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Would You Take a Million for What You Have?

A New You (9)
-sunrise
Our senses are our tools for interacting with this universe, exploring it and learning from it.
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Is it a small thing that you go out of your home shaking both your hands, walking with steady steps, filling up your chest with early morning breath, and enjoying the sunshine in your eyes?

If you are heedless to the healthiness of your body, the integrity of your organs, and the perfection of your faculties… wake up quickly.

Your capital in this life is not the gold and silver you have. Your true capital, your real wealth, is the faculties that God has given you, such as intellect, ability, freedom, and the highest of these gifts – good health.

“Would you sell both your eyes for a billion dollars?” Dale Carnegie wondered, “What would you take for your two legs? Your hands? Your hearing? Your children? Your family?

Add up your assets, and you will find that you won’t sell what you have for all the gold ever amassed. But do we appreciate all this?

Ah, no.

As Schopenhauer said: ‘We seldom think of what we have but always of what we lack.’ Yes, the tendency to ‘seldom think of what we have but always of what we lack’ is the greatest tragedy on earth.”

It was narrated that Ibn Al-Samak, a righteous religious scholar, was attending the counsel of Caliph Harun Al-Rashid who, having asked for water, said to him: “Advise me.”

With the cup raised to his mouth, Ibn Al-Samak asked him: “O Emir of the Believers, were this drink of water withheld from you, would you pay your kingdom for it?”

The Caliph said: “Yes.”

Having drunk it, Ibn Al-Samak asked him: “Were it held inside you and you could not void it (could not urinate), would you pay your kingdom to void it?”

The Caliph replied: “Yes.”

Ibn Al-Samak said: “There is no goodness in a kingdom that is not worth drinking or voiding a gulp of water.”

Getting used to being healthy makes us forget or belittle how good being healthy is

Without attention, we have, and without effort, we get that which a king might sacrifice his kingdom for – drinking water and passing it out.

Do we remember such a bounty of God upon us?

Do we appreciate it?

Do we thank Him for it?

Getting used to being healthy makes us forget or belittle how good being healthy is; sometimes, it takes a crisis or loss of health to appreciate it. But no matter how little or slight it is in the sight of people, it remains complete in the Sight of God and will be wholly, with all its elements, accounted for before Him.

Prophet Muhammad said:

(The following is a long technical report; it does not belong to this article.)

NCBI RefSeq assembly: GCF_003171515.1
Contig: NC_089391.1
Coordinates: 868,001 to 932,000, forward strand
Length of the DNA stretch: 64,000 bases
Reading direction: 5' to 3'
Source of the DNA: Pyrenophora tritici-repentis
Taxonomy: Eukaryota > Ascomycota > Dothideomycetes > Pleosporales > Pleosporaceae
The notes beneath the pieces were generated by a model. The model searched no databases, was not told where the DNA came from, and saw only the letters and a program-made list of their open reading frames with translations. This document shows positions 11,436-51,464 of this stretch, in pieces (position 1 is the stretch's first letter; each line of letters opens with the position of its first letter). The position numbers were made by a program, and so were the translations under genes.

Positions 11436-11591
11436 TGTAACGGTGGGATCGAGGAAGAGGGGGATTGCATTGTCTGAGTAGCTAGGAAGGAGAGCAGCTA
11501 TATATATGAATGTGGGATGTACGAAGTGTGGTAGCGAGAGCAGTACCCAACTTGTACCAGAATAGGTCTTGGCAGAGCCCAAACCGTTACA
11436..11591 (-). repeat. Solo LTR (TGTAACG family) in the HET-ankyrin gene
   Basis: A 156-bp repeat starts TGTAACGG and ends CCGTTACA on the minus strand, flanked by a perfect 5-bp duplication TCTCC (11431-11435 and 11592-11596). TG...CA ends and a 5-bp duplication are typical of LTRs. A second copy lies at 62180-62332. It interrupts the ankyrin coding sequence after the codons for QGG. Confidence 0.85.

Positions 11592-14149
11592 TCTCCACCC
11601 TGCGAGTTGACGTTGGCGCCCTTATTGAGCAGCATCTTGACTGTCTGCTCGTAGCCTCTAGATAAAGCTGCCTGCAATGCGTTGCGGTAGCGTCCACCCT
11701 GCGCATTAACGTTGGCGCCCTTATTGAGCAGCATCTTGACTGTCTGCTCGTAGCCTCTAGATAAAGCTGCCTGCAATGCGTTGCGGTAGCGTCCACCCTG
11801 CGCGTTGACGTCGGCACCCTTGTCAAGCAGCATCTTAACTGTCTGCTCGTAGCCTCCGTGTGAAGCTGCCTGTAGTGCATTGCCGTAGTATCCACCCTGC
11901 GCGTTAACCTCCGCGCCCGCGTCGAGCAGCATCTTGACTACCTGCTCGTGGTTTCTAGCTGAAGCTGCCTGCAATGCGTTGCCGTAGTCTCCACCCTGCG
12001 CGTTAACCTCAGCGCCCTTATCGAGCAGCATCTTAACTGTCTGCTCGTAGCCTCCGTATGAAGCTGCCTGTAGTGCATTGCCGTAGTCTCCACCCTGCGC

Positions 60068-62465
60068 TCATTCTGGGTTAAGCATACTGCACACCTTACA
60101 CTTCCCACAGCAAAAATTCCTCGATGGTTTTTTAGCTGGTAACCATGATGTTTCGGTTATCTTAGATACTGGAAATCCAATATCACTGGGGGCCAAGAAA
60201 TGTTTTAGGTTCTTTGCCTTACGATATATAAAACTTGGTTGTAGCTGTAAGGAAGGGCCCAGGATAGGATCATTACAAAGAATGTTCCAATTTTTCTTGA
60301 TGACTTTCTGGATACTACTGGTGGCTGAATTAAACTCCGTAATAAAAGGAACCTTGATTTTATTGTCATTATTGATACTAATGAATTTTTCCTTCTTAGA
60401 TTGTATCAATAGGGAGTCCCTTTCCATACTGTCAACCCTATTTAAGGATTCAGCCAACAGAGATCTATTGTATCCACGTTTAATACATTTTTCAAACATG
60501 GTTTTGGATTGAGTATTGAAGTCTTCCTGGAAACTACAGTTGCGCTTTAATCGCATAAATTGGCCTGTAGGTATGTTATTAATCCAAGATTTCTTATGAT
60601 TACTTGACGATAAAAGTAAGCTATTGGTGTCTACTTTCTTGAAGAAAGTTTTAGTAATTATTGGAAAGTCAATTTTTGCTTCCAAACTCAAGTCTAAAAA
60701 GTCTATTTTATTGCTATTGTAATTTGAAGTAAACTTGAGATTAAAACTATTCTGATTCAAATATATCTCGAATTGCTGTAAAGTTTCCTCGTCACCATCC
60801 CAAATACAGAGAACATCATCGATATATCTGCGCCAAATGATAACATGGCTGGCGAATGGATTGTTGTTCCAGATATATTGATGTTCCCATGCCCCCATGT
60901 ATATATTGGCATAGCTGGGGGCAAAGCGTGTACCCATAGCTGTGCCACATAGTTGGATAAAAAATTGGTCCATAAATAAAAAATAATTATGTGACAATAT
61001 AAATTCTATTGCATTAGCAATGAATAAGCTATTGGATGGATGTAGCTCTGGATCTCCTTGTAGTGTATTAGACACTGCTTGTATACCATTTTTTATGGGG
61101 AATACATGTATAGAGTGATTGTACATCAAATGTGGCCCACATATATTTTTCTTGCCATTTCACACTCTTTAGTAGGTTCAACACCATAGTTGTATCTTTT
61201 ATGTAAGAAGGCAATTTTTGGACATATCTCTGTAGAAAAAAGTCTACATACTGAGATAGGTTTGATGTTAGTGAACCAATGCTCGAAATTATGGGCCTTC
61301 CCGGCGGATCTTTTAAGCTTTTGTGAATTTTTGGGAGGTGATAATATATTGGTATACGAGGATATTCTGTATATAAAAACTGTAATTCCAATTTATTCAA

"By the One in Whose Hand is my soul, a person will come on the Day of Resurrection with good deeds which, if placed on a mountain, would weigh it down; then only one of Allah’s Blessings is to come forth (and take what it deserves from the servant’s good deeds) and almost exhausts them all, if not for the Mercy that Allah bestows." (Al-Tabarani)

Hence, God says in the Quran:

{And if you would count (the numerous benefits of) a Blessing of Allah, never could you be able to count it. Truly, Allah is All-Forgiving, Most Merciful.} (Al-Nahl 16: 18)

All life is a gift for which God deserves thanking for endowing us with, soul and sensation, and a whole universe abundantly furnished with supplies and replete with signs pointing to the Creator:  

{How can you disbelieve in God who gave you life when you initially had no life? Then He will cause you to die, then He will bring you (back) to life, and then to Him you will be returned.} (Al-Baqarah 2: 28)

Our senses are our tools for interacting with this universe, exploring it, and learning from it, and should, when flooded by its power, beauty, and immensity all around, shake with gratitude to He who honored us with life:

{And God has brought you forth from the wombs of your mothers knowing nothing, and given you hearing, sight, and hearts that you might give thanks (to Allah).} (An-Nahl 16: 78)

Whenever our sensibilities grow blunt, indifferent, or careless, or we no longer value the incessant flow of God’s blessings, a good contemplation, after freeing the mind from the dullness of familiarity and inattention, will help awaken the senses, renew the feelings, and open up our eyes to the heavens and earth all put in our service, which helps the mind better understand God’s Call:  

{O mankind, worship your Lord, Who created you and those before you, that you may become pious. He Who has made for you the earth a bed (spread out), and the sky a canopy, and sent down water (rain) from the sky, and brought forth therewith fruits as a provision for you. So do not set up rivals (equals) to Allah while you know (that He has no partner, peer, or equal).} (Al-Baqarah 2: 21-2)

 

Works Cited:

Carnegie, Dale. How to Stop Worrying and Start Living. New York: Simon and Schuster, 1990

This article is a translated excerpt from Sheikh Muhammad Al-Ghazali’s book: "Renew Your Life". It is translated and adapted by Haya Muhammad Eid & edited by Emily Katharine Richardson.
Related Links:
Prophet Muhammad: The Thankful Slave
The Heart's Predicament
God: the Beneficent, the Merciful
Patience, Perseverance and Fortitude
How to Achieve Tranquility of the Heart

Sheikh Mohammed al-Ghazali al-Saqqa (1917–1996) was an Islamic cleric and scholar whose writings "have influenced generations of Egyptians". The author of 94 books, Sheikh Ghazali attracted a broad following with works that sought to interpret Islam and its holy book, the Quran, in a modern light. He is widely credited with contributing to a revival of Islamic faith in Egypt over the last decade." Another source called him "one of the most revered sheikhs in the Muslim world.

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